The initial rollout of health insurance marketplaces was spotty at best. Stories abound of website glitches and lackluster outreach efforts, leading to uneven experiences coast-to-coast and significant consumer frustration.

As state and federal regulators seek to smooth out the process, rural hospital leaders like Ginger Henry, CEO of the 85-bed Prattville (Ala.) Baptist Hospital, remain optimistic that the marketplaces will help to offset the negative margins. However, she acknowledges, "What I don't know is bigger than what I do know."

Brock Slabach, senior vice president, member services, the National Rural Health Association expects that over time, enrollment in the marketplaces will aid rural providers. "In 2011, 16 percent of the nation's population was uninsured," Slabach says. "If that could be whittled down to 8 percent, that's obviously a significant bounce to the hospital's bottom line."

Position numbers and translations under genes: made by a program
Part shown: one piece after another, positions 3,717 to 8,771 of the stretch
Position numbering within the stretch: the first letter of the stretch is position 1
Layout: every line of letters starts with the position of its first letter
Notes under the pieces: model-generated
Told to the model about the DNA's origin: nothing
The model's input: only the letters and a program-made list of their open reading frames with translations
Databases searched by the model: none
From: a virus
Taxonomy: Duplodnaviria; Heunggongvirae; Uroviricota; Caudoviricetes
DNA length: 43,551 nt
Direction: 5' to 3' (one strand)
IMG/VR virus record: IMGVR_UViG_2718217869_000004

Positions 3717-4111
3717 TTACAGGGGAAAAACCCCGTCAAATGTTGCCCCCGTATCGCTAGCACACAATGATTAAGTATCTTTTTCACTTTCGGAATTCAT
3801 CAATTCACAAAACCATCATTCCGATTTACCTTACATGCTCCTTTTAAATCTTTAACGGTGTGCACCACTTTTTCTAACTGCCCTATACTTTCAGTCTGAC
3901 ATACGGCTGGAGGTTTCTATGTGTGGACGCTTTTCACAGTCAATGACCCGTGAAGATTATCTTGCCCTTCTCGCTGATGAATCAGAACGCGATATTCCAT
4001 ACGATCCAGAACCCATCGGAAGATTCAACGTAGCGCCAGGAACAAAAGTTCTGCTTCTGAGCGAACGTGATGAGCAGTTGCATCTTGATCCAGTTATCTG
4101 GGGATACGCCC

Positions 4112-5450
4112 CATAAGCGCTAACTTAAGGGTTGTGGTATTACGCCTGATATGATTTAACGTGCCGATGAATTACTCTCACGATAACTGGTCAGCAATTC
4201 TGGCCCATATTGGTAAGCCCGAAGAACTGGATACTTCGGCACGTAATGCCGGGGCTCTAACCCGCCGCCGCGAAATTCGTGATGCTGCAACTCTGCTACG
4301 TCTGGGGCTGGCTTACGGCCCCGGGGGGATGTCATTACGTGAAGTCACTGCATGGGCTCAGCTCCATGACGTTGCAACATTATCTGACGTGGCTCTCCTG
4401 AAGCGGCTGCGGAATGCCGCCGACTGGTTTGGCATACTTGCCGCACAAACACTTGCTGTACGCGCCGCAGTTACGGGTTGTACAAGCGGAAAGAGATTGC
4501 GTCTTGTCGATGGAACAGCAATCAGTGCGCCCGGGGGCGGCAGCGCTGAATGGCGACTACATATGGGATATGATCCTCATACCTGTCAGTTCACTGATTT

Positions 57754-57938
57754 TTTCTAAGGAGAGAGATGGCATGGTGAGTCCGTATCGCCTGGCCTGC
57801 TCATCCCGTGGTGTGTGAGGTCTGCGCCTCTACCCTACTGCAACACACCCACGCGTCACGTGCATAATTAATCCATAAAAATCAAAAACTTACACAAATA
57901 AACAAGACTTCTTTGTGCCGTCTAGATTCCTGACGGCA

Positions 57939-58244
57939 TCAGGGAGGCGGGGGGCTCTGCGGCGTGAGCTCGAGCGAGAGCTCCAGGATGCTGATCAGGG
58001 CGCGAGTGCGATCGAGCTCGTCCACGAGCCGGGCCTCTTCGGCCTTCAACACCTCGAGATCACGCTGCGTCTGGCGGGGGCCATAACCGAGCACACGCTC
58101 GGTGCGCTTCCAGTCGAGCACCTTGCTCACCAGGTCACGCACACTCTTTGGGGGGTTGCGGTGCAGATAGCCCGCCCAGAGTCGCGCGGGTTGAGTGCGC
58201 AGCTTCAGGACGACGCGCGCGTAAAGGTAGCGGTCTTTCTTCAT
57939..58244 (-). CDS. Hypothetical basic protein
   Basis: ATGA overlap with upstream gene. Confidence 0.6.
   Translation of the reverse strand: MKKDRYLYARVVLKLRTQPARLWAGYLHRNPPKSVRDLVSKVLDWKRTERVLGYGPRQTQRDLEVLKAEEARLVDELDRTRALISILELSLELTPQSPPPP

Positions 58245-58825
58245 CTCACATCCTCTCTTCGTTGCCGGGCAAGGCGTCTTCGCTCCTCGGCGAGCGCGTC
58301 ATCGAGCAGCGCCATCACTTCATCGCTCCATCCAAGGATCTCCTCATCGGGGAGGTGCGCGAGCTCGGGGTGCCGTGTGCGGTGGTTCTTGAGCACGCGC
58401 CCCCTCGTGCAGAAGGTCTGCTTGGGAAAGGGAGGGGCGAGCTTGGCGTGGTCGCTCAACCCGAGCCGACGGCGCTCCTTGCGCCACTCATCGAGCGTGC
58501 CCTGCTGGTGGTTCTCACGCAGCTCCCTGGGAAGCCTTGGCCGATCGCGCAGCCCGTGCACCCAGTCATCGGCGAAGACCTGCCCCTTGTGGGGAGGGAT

As hopeful as rural and safety net hospital leaders are that enrollment in the marketplaces and through Medicaid expansion will boost revenue, they are concerned about the rise of a different form of uncompensated care for Medicaid Disproportionate Share Hospitals.

"Patient co-shares on the bronze plans will be 40 percent; that means the patient will be responsible for providing 40 percent out-of-pocket," says Xiaoyi Huang, assistant vice president for policy, America's Essential Hospitals, formerly National Association of Public Hospitals and Health Systems. "Uncompensated care — whether bronze, silver, gold or platinum coverage — is not DSH-eligible. It's still uncompensated care, but hospitals can't claim it as a DSH expense."

Even so, Keith Mueller, director of the Rural Policy Research Institute Center for Rural Health Policy Analysis, University of Iowa, advises hospitals to continue to work with patients to help them find the best — and most appropriate — level of coverage. "When there are patients with insurance, there's a payment," he says. "That's easier than trying to collect from uninsured patients."